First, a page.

Southwest Valley

Hiking tips for Phoenix, Scottsdale visitors

It's gonna be a hot one today, folks! The metro Phoenix area is slated to see 98 degrees Farenheit today.

If you're visiting the metro Phoenix-Scottsdale area and you're considering hiking some of our beautiful mountain trails today, take note...  it's hotter than you think, and the trails are steeper than you think.


Remember that our firefighters routinely pull tourists (and sometimes even locals) off the mountain trails on stretchers and take them to the E.R.


Here are some tips to keep you safe when you're hiking the desert mountain trails of the metro Phoenix-Scottsdale area. Tips courtesy of the Scottsdale Parks department and the Phoenix Parks Department, and you can see more tips on their websites.




  • Always tell someone where you're going, when you'll be back, and stick to your plan!

  • Hike with a friend; it's safer and more fun.

  • Bring lots of water, three or four times as much as you think you need. The Scottsdale Parks department recommends at least one gallon of water per person, per day. I personally think that a standard-sized 16 to 19 ounce bottle is enough for about 15 minutes when it's really hot outside.

  • Wear a hat! If you've forgotten a hat, cover your head with whatever's handy

  • Wear and carry sunscreen, SPF 15 at minimum. Reapply more often than you think you need to.

  • Wear closed toe hiking shoes, or at least wear sneakers.

  • Rest 10 to 30 minutes for each hour of walking, depending on your overall level of fitness.


Get some info on the trail before you go. The Phoenix Parks department has a wonderful online library of information about the trails, their length, their degree of difficulty, locations of Park Ranger ramadas, etc.  The City of Scottsdale also has a wonderful online resource about their hiking trail system.



Trail etiquette



  • ALWAYS stay on a designated trail. City ordinances prohibit trailblazing.

  • Learn to share the trails with all other users.

  • In general, bike riders yield to both hikers and horseback riders; hikers yield to horseback riders. However, for all trail users, downhill yields to uphill. Use common sense and courtesy while on the trails.

  • Announce your intentions and slow your pace when passing someone on the trails


Well dear reader, I hope you have an enjoyable experience hiking our desert southwest trails! I'll be out there on South Mountain, sweating it out with the rest of you today, April 1, 2011.


Just wondering... have you ever thought of buying a vacation property in the metro Phoenix region? I am a Realtor, after all, so I tend to talk about property values all the time. Can I ask what you paid for your seasonal rental? I know, it's a pretty personal question. But we're on the Internet, so nobody will hear your answer. Did you know that you can pick up a vacation condo in the metro Phoenix area for as little as $25,000 to $50,000? Really. And after 3 or 4 years of price declines in Phoenix, it is possible to pick up a small home in several metro-Phoenix communities for about $100,000, give or take $25,000.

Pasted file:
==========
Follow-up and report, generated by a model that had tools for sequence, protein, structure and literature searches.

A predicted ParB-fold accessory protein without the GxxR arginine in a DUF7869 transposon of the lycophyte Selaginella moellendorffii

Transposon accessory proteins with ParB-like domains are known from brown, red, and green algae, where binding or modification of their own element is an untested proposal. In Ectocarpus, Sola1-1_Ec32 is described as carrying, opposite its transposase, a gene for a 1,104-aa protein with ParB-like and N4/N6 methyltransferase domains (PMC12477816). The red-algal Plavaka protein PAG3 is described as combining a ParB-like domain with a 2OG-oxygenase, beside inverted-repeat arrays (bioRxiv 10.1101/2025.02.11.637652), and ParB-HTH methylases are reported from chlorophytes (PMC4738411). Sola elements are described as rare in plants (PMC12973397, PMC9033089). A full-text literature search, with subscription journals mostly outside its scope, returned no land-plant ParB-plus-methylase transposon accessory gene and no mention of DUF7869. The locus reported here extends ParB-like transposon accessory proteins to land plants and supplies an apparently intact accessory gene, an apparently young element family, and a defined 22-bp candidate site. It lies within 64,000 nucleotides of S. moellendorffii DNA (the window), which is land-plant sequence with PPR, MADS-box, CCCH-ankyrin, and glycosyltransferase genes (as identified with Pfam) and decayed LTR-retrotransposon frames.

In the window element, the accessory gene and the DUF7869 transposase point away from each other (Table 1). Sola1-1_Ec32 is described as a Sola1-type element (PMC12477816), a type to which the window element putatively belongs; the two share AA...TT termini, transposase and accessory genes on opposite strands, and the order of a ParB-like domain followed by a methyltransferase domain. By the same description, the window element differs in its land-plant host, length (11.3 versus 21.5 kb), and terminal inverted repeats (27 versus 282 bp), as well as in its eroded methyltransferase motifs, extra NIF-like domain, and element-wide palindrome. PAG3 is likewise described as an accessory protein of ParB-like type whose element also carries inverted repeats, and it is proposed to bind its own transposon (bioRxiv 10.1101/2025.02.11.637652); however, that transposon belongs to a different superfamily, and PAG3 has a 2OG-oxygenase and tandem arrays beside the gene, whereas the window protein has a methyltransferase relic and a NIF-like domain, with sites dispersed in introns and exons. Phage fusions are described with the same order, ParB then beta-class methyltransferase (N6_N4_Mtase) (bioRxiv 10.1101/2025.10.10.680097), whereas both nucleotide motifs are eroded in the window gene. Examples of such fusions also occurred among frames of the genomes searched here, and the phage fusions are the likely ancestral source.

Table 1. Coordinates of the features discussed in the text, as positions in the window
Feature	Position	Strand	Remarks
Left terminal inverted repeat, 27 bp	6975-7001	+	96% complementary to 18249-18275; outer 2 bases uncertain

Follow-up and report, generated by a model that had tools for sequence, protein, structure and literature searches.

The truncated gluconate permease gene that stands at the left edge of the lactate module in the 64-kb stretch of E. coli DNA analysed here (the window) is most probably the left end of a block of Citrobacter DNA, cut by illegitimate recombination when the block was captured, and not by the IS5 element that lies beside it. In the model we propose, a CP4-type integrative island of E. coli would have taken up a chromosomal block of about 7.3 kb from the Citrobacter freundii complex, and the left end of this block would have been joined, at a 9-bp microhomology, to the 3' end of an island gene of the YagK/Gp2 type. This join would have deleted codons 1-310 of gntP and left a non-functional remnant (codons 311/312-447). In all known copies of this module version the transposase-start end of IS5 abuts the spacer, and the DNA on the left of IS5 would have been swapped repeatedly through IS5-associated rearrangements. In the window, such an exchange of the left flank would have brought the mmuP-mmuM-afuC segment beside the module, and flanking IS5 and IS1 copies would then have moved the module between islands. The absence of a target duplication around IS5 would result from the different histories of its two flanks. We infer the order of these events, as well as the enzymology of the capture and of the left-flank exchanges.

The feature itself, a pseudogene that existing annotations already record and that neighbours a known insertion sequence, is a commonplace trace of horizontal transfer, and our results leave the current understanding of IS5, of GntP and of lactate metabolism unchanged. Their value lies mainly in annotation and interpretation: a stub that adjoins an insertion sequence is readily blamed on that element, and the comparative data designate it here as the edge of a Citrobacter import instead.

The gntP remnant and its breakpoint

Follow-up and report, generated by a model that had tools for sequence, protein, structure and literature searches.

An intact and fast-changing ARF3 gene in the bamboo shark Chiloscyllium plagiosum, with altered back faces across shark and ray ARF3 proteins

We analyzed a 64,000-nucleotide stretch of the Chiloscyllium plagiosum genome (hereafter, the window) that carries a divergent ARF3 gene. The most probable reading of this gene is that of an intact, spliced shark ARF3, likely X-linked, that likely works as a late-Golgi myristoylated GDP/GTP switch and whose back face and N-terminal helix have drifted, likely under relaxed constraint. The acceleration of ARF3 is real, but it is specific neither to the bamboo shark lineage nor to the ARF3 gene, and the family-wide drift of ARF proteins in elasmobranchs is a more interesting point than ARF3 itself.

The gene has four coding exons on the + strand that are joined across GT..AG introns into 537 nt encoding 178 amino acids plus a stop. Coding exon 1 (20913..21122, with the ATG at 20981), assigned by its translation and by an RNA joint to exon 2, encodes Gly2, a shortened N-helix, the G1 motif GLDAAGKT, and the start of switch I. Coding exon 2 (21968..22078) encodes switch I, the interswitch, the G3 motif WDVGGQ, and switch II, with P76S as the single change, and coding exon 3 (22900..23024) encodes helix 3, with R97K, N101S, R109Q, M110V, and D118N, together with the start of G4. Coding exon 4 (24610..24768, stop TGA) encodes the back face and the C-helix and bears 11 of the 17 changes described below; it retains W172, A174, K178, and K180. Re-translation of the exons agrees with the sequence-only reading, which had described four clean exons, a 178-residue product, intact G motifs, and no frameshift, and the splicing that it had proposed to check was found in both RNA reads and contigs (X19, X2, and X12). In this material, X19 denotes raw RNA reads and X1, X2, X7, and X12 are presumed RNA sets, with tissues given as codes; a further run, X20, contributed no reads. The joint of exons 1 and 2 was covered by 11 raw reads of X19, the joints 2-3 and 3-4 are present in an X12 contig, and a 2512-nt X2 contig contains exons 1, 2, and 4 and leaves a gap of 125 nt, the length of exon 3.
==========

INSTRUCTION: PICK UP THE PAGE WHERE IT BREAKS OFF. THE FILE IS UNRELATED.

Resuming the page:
Want to do a little online home browsing? Search Phoenix-area homes for sale, online. When you're ready for a Realtor's help, contact us, The Phoenix Agents at Thompson's Realty. Real people, making real estate, real simple.

Move in ready Goodyear rental

update November 11, 2010: this home is rented. If you would like help finding other rental homes in the Greater Phoenix area, please contact us.

We’ve got a great rental property available in Goodyear, just about 1 mile south of the I-10 off the Estrella Parkway exit. Single-story home built in 2007. Four bedrooms and 3 bathrooms; just over 1800 square feet. One bed & bath is split from the rest of the house and would make a great teen’s room, nanny’s room, study/office or the like.

Lovely neighborhood with tot lots and a park, and the local elementary school is not too far away to walk.

$1,075 per month and only $800 moves you in.

Recent bad credit will not be held against applicants.  Owner prefers no pets, no smoking allowed.

Know anyone looking for a super Westside rental? Send them our way. Call or text Heather at 602-999-8831, or email me at Heather@ThePhoenixAgents.com

eidenbenz - jefferson RENTAL - photos - EF

eidenbenz - jefferson RENTAL - photos - KITFURN (furniture not included, just here3 to show scale of room)

eidenbenz - jefferson RENTAL - photos - BA1 master bath

eidenbenz - jefferson RENTAL - photos - SIDEDET front & back professionally landscaped, easy-care desert design

eidenbenz - jefferson RENTAL - photos - FANDET1 upgraded ceiling fans, light fixtures throughout the home

Fabulous, but too far out. . .

Recently a client and I exchanged emails about her housing options that reminded me of one of most enduring metro Phoenix’s real estate truisms:  fabulous is often also too far out (geographically speaking).